What is heartworm?


Heartworms belong to the same class of worms as roundworms. Adult heartworms produce very tiny larvae. These larvae can live up to three years in the dog’s blood stream, but usually only a month in cats. When a mosquito sucks blood from an infected animal it also sucks up larvae and transmits it to other animals. The larvae live in the animal's skin until it gets bigger and moves to the heart where it continues to grow. It takes about 6 months between the time the animal is bitten until the larvae moves to the heart. Severely infected dogs can have up to several hundred heartworms in their hearts and vessels. Infected cats, on the other hand, usually have only 1-4 worms.


What does a heartworm do?


The worms block the heart chambers as well as the blood vessels. If the larvae or worms die, they can flow through the animal's blood system and block blood vessels along the way, including those in the lungs.


In severe infections, the worms can also block the large vein (vena cava) bringing blood to the right side of the heart. As the blood backs up, the liver becomes enlarged and damaged.


Heartworm Symptoms


  • Lethargy - lack of endurance during exercise


  • Coughing - sometimes with blood


  • A history of not receiving heartworm preventative medicine


  • Decreased appetite


  • Loss of weight


  • Some will accumulate fluid in their abdomen that makes them look pot-bellied


  • Vomiting


  • Blindness


  • Seizures



Detecting Heartworm


Blood tests detect most cases of heartworm. In rare cases, heartworm infections can occur without the larvae in the bloodstream. This occurs if only male worms are present or if the females are not laying larvae at the time of the test. There are special tests designed to detect heartworm if this is the case. Most cases are detected early in a routine exam and can be treated successfully.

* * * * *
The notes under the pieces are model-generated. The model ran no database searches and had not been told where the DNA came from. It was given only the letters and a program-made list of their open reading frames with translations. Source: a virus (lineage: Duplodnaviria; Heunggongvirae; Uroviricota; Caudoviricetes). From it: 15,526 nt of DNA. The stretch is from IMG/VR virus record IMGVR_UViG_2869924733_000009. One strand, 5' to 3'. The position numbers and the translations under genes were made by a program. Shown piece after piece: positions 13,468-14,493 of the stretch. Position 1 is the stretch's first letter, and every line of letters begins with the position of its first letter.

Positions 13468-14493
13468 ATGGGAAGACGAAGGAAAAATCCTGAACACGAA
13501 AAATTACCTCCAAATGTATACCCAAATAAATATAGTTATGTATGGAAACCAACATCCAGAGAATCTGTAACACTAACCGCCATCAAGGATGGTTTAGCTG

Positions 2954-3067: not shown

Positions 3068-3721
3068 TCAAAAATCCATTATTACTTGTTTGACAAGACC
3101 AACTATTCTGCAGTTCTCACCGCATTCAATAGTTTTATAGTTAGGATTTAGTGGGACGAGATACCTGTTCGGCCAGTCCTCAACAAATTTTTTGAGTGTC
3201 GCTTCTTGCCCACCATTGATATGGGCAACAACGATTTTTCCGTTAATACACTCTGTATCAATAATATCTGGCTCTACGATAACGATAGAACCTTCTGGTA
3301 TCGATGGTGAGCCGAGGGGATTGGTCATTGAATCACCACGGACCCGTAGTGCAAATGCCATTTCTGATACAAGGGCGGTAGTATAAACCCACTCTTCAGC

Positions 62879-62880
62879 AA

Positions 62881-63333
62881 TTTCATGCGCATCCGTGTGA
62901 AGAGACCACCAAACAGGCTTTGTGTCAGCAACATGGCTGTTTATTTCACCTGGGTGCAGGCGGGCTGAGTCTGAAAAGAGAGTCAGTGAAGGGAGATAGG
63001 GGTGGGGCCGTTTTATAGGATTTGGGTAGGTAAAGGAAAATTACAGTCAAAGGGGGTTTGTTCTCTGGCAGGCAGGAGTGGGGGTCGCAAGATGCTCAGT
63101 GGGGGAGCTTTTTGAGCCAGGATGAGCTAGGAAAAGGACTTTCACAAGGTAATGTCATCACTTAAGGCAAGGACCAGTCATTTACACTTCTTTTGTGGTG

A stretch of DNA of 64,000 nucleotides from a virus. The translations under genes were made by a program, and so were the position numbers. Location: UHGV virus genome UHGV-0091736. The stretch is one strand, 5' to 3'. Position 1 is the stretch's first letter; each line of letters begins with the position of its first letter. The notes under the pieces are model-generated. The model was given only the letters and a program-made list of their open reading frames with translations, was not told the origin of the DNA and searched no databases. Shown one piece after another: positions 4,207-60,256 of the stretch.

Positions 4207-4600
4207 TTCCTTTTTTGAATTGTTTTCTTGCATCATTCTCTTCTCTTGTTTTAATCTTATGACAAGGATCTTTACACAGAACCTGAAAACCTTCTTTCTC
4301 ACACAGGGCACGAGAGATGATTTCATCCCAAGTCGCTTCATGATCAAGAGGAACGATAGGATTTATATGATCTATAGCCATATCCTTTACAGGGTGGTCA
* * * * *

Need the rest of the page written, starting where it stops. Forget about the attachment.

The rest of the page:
Heartworm Prevention


Dogs should be placed on heartworm preventative medicine on a schedule prescribed by your veterinarian. Daily and monthly forms of medication are available. Heartworm preventative medication should not be given until the dog has been tested. These medications will not kill the adult worms, only the growing larvae. Special medicines will kill the adult worms. Like all medications, follow the recommendations and guidelines of your veterinarian and the manufacturer of the drug. Check with your veteranian for the best drug to use.


Special Notes for Dogs


The best program for prevention of heartworm infection in dogs includes having routine heartworm testing, using preventative drugs and reducing exposure to mosquitoes. Remember that mosquitoes can get indoors, so even though your dog may not go outside, the dog is still susceptible.


Your dog should be tested at least once a year. Depending on the prevalence of mosquitoes and of heartworm infection in your area, it may be necessary to test more often. Your local vet will be able to direct you more specifically.


Special Notes for Cats


Cats, like dogs should be tested before they are started on a preventative medicine. Since mosquitoes can come inside all cats should be tested, even the indoor cats. Before any treatment for heartworm infection in a cat is started, it must be verified that the cat actually has an active infection. It is often more difficult to detect heartworm in cats than dogs but there are specially-designed tests. If a cat has a confirmed heartworm infection, but is not showing marked signs of the disease, it is generally recommended that no treatment be given. Generally, treatment is only attempted in cats that have clinical signs that do not respond to certain drugs. Treatment in cats is even riskier than in dogs. The possibility of the dead worms obstructing the vessels to the lung is much greater in cats. This complication can be expected in 1/3 of the cats treated. Surgical removal of heartworms from some cats may be necessary.

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